In some of his sternest comments yet on the bloodshed in Syria, President Obama said he was “appalled by the Syrian government’s use of violence and brutality.” He called the reports out of Hama “horrifying” and said they “demonstrate the true character of the Syrian regime.”
For the first time, troops attempted to crack down in several locations simultaneously, including the eastern town of Deir al-Zour, a protest stronghold near the Iraqi border, and in towns in the north and south.
The coordinated assaults, said Wissam Tarif of the human rights group Insan, signaled a strategy to head off protest movement promises to escalate demonstrations during the Muslim holy month of Ramadan, which begins Monday.
Yet as night fell Sunday and sympathy demonstrations erupted in towns and cities around the country, it was unclear whether the strategy would work.
“This uprising is not repressed,” Tarif said. “On the contrary, they have only made people more angry. They want to rebuild the wall of fear, but they can’t do it.”
Saleh al-Hamoui of the Syrian Revolution Coordination Union, a group that monitors and plans protests, said the army had secured several key locations in Hama, including the mayor’s office and the city hall, but had not penetrated the heart of city, where fresh anti-government demonstrations were held Sunday evening.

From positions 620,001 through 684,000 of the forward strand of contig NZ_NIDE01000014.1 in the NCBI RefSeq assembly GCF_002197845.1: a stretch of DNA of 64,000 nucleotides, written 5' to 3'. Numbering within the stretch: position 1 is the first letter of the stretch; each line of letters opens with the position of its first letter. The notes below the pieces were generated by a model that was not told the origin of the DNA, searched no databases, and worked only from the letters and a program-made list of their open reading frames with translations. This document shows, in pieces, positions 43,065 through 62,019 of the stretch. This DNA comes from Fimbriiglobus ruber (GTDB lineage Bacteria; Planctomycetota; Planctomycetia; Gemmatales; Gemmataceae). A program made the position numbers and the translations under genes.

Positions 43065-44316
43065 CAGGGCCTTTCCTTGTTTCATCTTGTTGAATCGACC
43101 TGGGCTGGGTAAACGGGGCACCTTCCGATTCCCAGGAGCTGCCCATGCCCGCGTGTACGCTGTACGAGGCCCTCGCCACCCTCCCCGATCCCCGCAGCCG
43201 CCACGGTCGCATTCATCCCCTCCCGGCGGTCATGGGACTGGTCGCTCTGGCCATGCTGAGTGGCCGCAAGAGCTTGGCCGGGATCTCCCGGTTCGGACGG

Troops had given protesters an ultimatum, telling them to go home by midnight or face worse violence, he said, raising the specter that the killing could continue into Ramadan, which would inflame tempers further.
“We are going to stand against them in the coming hours or days, because we are going to die whether we resist or whether we don’t,” Hamoui said. “So we will resist.”
It was the assault on Hama, whose bloody past endows it with a unique role in the Syrian national consciousness, that resonated most with citizens around the country, as troops used tanks and artillery to pound neighborhoods and soldiers opened fire randomly as they tried to advance into the city.
Hama had emerged in recent weeks as the epicenter of the protest movement, with residents effectively seizing control of the city center and erecting barricades at its entrances to keep soldiers out. Many had hoped the authorities would not dare attempt to retake the city by force, because of its sensitivity as the location of a 1982 massacre in which at least 10,000 people were killed during the suppression of an Islamist revolt by Assad’s father, Hafez al-Assad.